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BMW ActiveHybrid 5 Gets Price Tag - Compares to Competition

At the North American International Auto Show in Detroit today, BMW announced pricing for its ActiveHybrid 5, the latest hybrid entry into the company's luxury lineup, which goes on sale in March of this year.

The 2012 BMW ActiveHybrid 5 will have a price tag of $61,845 base, which includes the $895 shipping charge.

The plug-in electric is the company's first serious foray into hybrids, with it's budget-busting top-end hybrids showing little economy improvement despite the “h” badge.

First introduced at the 2010 Geneva Auto Show, the ActiveHybrid 5 is based on the 535i sedan using its 3.0-liter inline six-cylinder engine and 8-speed automatic transmission. Between those is sandwiched an electric motor, which can assist the engine or work on its own to propel the car for about two miles at low speeds (less than 37mph). Combined output for the cars is 335hp and 330lb-ft. The EPA gives it a 20/30 city/highway miles per gallon rating.

The ActiveHybrid 5's nearest competition are the Infiniti M35h and the Lexus GS 450h, both of which it's clearly targeted in terms of market segment. The M35h is getting a redesign this year as well, as announced in Frankfurt, and has a price tag of $53,700 base. It's considered less luxurious than the BMW, but has slightly better mileage numbers at 27/32. The GS 450h is base priced at $58,950 and is apples-to-apples competition with the BMW. Its fuel economy is a paltry 22/25mpg, but the 2013 edition (yet to be EPA tested) is expected to improve that by nearly 30%.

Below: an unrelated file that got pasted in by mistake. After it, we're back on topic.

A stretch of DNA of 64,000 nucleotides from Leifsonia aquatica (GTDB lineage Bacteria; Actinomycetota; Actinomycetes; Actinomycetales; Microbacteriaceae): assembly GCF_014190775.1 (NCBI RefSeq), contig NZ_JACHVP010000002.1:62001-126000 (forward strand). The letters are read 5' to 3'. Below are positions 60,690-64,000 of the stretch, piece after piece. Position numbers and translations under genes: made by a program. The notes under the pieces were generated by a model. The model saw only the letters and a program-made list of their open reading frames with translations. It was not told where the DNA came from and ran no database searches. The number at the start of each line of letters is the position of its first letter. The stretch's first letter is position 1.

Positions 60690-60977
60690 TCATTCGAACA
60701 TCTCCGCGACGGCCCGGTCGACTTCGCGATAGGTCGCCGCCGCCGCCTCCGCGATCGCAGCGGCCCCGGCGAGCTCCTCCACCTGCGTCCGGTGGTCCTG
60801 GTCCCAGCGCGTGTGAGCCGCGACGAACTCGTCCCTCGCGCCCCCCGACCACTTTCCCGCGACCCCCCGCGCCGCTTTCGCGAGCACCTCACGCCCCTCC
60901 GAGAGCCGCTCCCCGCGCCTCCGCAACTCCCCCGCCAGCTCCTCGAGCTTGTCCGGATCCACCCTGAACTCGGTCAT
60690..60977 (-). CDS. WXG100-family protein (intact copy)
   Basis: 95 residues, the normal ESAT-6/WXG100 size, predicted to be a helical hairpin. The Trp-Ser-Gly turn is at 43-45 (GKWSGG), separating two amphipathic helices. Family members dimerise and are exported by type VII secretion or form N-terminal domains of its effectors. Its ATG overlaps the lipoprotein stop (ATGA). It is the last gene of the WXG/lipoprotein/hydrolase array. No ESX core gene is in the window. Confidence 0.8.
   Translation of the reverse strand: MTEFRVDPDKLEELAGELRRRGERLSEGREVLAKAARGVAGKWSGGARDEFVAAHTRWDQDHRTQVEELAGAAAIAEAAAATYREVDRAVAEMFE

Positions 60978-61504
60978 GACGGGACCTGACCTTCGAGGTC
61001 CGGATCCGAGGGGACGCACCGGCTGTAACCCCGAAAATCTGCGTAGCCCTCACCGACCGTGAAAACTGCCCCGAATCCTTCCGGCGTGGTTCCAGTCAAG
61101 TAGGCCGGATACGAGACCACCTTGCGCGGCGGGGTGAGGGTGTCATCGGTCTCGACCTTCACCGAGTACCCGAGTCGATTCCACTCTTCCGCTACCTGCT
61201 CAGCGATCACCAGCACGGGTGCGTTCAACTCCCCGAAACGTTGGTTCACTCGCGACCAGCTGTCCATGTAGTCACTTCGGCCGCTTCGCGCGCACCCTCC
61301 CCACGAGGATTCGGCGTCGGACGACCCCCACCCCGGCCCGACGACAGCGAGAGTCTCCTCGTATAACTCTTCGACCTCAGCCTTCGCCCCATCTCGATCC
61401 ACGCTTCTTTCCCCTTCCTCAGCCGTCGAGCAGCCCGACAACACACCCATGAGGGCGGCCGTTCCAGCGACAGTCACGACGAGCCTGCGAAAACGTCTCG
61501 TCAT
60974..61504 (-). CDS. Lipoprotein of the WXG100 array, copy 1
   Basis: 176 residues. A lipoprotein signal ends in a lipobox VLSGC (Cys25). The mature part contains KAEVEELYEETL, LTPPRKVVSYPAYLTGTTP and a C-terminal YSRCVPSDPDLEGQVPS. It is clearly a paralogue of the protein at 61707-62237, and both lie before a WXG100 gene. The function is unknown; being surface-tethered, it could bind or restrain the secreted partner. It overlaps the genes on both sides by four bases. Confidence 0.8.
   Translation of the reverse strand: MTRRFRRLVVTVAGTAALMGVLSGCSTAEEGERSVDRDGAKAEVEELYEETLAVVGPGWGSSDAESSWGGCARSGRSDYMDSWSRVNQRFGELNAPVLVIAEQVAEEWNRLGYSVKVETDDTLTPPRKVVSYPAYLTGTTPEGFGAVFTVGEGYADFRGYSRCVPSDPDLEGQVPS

One thing setting the BMW apart from competition, as always, is performance. The ActiveHybrid 5 includes the company's new Driving Dynamics Control (DDC) system that aligns the throttle, transmission, stability-control and damping characteristics into four diver-selectable modes: Sport, Sport+, Comfort and Eco Pro. These settings position the car's components to exactly what their names suggest: sporty, sportier, comfortable, and economical.

In Eco Pro, the powertrain is optimized for relaxed driving and maximum efficiency, putting the electric motor to use as much as possible to take weight off of the engine and reduce fuel consumption. At highway speeds, the engine will often shut off and coast, using no fuel at all, while the electric motor also regenerates power during slowing and stopping.

Another thing setting the BMW apart from the Lexus is its overall “intelligent energy management” system. This system combines the standard navigation (GPS) in the car with computer-controlled forward-thinking that anticipates driving conditions (hills, highway driving coming into city driving, etc) to maximize battery charge and usage in order to improve economy and performance.

Clearly BMW is entering this segment in a big way, hoping to gain ground on Toyota's control through Lexus before the 2013 model releases.